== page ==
You cannot keep a good, awesome, or even irrepressible performer down. Exhibit A is the ageing performer known as William Shatner. As of March 22 in 2012, William Shatner is eighty-one years old. But as Henry Rollins said during a speech about his own work with Shatner on a musical project, the man still has an enthusiasm and energy that a man half his age would be proud of. In fact, I can tell you that if I live to be half of Shatner‘s present age, I am unlikely to have a tenth of the energy that he reputedly performs with today. But enough about comparisons. In this entry, the subject is William Shatner and his side-career in the field of music. Essentially, Shatner has released three albums during different phases of his career. The first, The Transformed Man, was released whilst he was still starring in the original Star Trek television series. The second album Shatner released, Has Been, was released in 2004. But the album that inspired me to write about Shatner‘s music today, Seeking Major Tom, was released late in 2011, and Odin and I can both tell you that it is awesome beyond words.
I own a CD copy of The Transformed Man. Four of the songs are medleys consisting of spoken-word readings and covers of existing songs by Shatner. The two most notorious covers on the album are of Bob Dylan‘s Mr. Tambourine Man and The Beatles‘ Lucy In The Sky With Diamonds. Opinions that I have read compare the former to the sound of a man rambling during a bad drug trip. The latter has been declared by consensus to be the worst “massacre” of a Beatles song, ever. In fact, this is a good example of why creative artists should fear their fans most. Whilst I have heard some Beatles songs that were not too bad, the whole “everything the Beatles wiped their arses with is scared” thing some fans put on only serves to put me off their work. One of the reasons I enjoy William Shatner‘s work so very much is precisely because people go out of their way to hang shit on him, and it does not diminish the awesomeness of his work in the slightest. Shatner‘s version of Lucy In The Sky With Diamonds is awesome precisely because it sounds like he inhaled everything in South America a few minutes before he recorded it.
Has Been is a very different album from The Transformed Man. Given that there is a twenty-six year gap between the two (1968 to 2004), this should surprise nobody. Most of the material on the album was composed by Shatner and a gentleman known professionally as Ben Folds. The one cover on the album is a cover of the Pulp song Common People, which is one of the best pieces of pop performed/spoken on the behalf of the poor (the cover I mean, not the original). Shatner knew enough about being poor as a result of having been taken to the cleaners by his first wife in the first demise of Star Trek to make this cover very convincing. This is also the album that Henry Rollins graced with his presence, on the song I Can’t Get Behind That. Rollins tells a good story in one video that is partly floating around YouChoob about how he got to work with Shatner on the song.
On Has Been, there is one song in which Shatner states, very matter-of-factly, that by the time you hear this, he may well be dead. At his age, that is not an unreasonable expectation. Fortunately, he managed to defy it for one more album.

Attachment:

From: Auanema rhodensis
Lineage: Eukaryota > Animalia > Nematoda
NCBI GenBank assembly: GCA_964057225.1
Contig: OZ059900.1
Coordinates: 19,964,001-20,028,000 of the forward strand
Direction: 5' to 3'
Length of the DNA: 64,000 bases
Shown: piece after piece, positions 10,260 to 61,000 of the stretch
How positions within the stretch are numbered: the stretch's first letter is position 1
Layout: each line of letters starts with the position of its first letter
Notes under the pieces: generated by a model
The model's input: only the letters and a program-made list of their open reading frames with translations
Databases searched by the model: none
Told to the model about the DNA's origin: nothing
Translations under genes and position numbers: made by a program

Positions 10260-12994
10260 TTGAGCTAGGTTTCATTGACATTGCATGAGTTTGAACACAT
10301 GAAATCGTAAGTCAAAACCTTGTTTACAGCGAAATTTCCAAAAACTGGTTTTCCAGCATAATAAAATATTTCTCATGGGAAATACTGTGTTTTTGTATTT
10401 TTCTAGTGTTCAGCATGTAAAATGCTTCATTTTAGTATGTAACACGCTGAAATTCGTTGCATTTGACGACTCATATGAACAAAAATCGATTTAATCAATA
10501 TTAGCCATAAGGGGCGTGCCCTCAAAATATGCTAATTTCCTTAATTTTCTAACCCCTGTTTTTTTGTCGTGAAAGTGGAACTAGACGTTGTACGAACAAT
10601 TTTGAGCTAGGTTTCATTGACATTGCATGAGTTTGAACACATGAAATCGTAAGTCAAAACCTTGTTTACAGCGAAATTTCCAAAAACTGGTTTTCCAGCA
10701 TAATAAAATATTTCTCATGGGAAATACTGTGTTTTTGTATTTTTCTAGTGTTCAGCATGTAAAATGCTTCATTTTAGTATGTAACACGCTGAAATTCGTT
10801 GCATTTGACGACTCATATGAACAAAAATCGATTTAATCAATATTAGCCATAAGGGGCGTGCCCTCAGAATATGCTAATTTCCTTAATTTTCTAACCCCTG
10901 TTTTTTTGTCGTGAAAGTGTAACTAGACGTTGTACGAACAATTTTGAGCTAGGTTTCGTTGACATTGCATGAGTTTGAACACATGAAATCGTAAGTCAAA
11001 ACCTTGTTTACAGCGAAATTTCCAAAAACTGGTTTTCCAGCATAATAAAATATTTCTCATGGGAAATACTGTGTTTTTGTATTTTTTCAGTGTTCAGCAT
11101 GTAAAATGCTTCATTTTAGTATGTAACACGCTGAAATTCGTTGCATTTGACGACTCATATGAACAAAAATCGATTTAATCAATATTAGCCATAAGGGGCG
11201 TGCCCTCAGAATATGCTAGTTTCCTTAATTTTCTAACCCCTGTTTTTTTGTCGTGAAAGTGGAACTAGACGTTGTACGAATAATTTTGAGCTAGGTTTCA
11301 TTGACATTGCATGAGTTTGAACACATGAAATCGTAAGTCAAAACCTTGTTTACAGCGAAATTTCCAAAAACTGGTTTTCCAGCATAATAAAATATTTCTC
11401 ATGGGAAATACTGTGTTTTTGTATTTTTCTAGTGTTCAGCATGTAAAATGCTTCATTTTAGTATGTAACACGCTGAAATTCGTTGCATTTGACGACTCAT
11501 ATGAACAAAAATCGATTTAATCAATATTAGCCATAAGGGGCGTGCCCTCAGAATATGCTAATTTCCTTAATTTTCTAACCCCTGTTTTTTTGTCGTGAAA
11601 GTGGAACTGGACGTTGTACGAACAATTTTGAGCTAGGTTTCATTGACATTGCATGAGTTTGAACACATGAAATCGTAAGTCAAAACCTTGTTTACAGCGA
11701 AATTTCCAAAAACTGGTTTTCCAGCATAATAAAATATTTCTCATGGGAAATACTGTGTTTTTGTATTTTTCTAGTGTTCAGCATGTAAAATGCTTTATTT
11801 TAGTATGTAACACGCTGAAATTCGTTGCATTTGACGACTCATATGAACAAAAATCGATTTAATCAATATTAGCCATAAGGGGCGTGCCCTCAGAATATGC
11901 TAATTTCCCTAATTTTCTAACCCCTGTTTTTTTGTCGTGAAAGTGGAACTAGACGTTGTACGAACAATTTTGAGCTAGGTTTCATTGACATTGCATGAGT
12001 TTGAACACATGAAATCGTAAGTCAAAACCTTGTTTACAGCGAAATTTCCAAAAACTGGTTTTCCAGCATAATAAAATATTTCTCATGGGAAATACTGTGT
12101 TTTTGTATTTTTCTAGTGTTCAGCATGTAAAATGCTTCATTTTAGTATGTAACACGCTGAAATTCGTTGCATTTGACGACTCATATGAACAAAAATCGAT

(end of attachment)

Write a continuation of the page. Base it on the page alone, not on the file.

Which brings us to Seeking Major Tom, Shatner‘s 2011 epic double album. Clocking in at over 95 minutes, Seeking Major Tom is quite an endurance test for any listener, even if they are extremely familiar with the awesomeness of Shatner. Shatner goes all out on this album. Most of the material is covers of existing numbers, but done in an impeccably Shatner-esque manner that is to music what Ed Wood was to film.
There are twenty songs on the two discs that comprise Seeking Major Tom. The one currently being used as a “flagship” is a cover of Bohemian Rhapsody. Yes, that Bohemian Rhapsody. You can see the official music video for it here. It is truly fukking terrible, but like the Muppets version, or the abridged version that appeared in the Wayne’s World film shortly after Freddie Mercury‘s death, it has almost certainly caused the ghost of Freddie to turn to Odin, smile, and say “wow, I really did manage to make a difference”. None of the men who are credited with composing the song Iron Man are dead yet (at least as of this writing). Shatner‘s cover will not motivate any of them to say that to Odin (Type O Negative‘s cover of the song they renamed their band after, on the other hand…). In fact, it is probably the weakest cover of the many that populate the album, but it is still enough that the first time I heard it, I was only about a third of the way through before I was laughing so hard that tears were streaming out of my eyes. For those who would like to hear the cover of Rocket Man that Shatner recorded in 1978, well, for now we can content ourselves with the version that appears on this album. It is pretty much the same except for the lounge singer act you can see in this video.
If you were looking for a pertinent point to this writing, then you are barking up the wrong tree. Although, much like Frank Zappa‘s constant shifting of emphasis in peculiar ways, William Shatner‘s way of enunciating song lyrics like every word is its own sentence does resemble a number of autistic people in everyday life. But that is a very loose connection that does not really bear much exploration here. What we should be taking from this writing is just as the subject line says. William Shatner is awesome.
If you have read this far, thank you for doing so. Should you happen to further investigate the awesomeness that is William Shatner as a result of reading this, then I am sure he thanks you, too.
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